God was afflicted by our affliction. He saw our sin, our rebellion, and it grieved Him. And His response to our sin was remarkably similar to His response to the affliction of His people of old in Egypt. “In all their affliction He was afflicted, and the Angel of His presence saved them; in his love and in His pity He redeemed them; He lifted them up and carried them all the days of old.” Once again He sent as our Savior the Angel of His presence. This individual is known throughout the Old Testament as the Angel of the Lord, the Son of Man, the anointed one. We know of Him through the proclamation of the angels one winter’s night in Judea: “And the angel said to them, ‘Fear not, for behold, I bring you good news of great joy that will be for all the people. For unto you is born this day in the city of David a Savior, who is Christ the Lord. And this will be a sign for you: you will find a baby wrapped in swaddling cloths and lying in a manger.’” This baby, dressed in rags and laying in straw, is the Angel of God’s presence, He is God truly present among us, Immanuel, God with us. And as He did in Egypt so long ago, the Angel of God’s presence has come to save.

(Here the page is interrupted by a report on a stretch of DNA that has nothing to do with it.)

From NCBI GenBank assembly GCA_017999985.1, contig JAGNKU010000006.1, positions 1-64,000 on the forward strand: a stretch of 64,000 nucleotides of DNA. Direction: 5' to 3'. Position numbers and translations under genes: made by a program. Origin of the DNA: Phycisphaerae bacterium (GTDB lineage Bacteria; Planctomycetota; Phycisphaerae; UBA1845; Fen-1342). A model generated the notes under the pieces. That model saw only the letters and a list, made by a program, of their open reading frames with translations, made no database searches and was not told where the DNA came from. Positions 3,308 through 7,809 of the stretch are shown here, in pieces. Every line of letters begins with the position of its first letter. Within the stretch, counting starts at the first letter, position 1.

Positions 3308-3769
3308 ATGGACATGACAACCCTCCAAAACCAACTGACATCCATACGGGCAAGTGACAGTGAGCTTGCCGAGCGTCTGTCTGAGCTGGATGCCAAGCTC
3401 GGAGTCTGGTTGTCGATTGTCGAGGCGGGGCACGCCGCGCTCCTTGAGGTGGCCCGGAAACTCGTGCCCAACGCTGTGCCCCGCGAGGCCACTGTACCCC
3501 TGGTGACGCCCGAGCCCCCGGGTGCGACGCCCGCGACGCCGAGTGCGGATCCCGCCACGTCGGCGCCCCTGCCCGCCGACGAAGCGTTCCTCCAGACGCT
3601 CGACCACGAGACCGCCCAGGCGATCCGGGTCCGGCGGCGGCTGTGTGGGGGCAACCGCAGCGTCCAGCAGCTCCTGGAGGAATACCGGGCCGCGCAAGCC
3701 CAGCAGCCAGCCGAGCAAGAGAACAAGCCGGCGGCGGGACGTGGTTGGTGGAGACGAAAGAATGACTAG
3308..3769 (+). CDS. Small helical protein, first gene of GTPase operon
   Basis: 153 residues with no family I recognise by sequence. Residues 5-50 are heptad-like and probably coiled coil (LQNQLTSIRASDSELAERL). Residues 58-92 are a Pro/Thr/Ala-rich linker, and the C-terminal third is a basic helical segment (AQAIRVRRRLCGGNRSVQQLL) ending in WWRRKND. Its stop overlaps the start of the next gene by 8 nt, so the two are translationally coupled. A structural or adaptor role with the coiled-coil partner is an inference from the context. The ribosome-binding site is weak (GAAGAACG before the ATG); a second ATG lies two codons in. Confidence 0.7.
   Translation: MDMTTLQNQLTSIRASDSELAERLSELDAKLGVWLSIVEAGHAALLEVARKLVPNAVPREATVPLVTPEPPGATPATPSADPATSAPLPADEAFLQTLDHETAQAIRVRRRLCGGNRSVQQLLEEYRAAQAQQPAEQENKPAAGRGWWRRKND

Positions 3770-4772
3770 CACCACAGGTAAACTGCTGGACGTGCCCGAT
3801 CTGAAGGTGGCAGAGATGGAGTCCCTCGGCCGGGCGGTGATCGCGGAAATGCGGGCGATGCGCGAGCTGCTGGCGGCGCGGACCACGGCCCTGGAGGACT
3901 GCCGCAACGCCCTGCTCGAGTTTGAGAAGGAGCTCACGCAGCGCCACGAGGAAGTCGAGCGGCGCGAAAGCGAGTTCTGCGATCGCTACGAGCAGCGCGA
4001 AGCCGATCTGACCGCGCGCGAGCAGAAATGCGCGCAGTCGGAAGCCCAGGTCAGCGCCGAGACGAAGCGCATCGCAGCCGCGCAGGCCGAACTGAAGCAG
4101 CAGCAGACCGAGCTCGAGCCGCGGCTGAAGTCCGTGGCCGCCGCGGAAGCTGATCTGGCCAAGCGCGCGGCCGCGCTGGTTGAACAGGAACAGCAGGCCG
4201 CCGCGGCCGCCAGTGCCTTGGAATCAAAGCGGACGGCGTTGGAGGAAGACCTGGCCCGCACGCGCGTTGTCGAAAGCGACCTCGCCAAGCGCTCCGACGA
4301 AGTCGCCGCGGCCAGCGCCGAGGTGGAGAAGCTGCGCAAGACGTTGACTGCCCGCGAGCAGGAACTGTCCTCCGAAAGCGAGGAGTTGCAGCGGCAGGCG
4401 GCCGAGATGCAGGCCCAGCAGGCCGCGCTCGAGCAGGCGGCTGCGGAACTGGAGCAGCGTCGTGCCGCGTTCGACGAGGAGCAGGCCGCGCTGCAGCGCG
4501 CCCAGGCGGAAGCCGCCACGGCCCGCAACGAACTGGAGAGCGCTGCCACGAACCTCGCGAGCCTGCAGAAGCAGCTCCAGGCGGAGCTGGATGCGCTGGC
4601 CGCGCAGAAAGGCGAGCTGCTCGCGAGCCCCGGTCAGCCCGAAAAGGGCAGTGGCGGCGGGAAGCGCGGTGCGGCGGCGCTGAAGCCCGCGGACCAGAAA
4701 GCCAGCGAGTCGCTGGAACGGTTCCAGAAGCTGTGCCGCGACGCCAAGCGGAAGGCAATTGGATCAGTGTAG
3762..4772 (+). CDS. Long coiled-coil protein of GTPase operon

In our Gospel lesson for today, Jesus reenacts the Exodus. God sends the holy family to Egypt to flee the persecution of Herod, and then when the time is right, Joseph, Mary, and the baby Jesus come out of Egypt and back into the Promised Land. Matthew quotes from Hosea: “Out of Egypt I called my Son.” The One who has come to bring the greater Exodus goes through His own exodus, proclaiming that He has come to lead us out of bondage. God remembered us, He remembered His love for us, He remembered His past acts of salvation, and He acted. Christmas is God’s answer to our sin, to our rebellion, as He sends once again the Angel of His presence among us, this time in our own human flesh. On the cross this Jesus will be afflicted by our affliction, as He paid the price for our sin and rebellion. The Father turned toward His Son as an enemy, because the Son bore all of our sin. The judgment rendered on the cross was that our sin has been paid for, death defeated, Satan crushed. The verdict is the same one that Isaiah declares in verse eight of our text: “Surely they are my people, children who will not deal falsely.” Because Christ, His Son, the Angel of His presence, God Himself in the flesh, died for you, you are now God’s children. That is why Jesus was born as a child in Bethlehem, so that we may become God’s children. St. Paul puts it so well: “When the fullness of time had come, God sent forth His Son, born of woman, born under the Law, to redeem those who were under the Law, so that we might receive adoption as sons.” God made Israel His people, His children in bringing them salvation from bondage in Egypt. He makes you and me His people, His children, in bringing us salvation from the bondage of sin.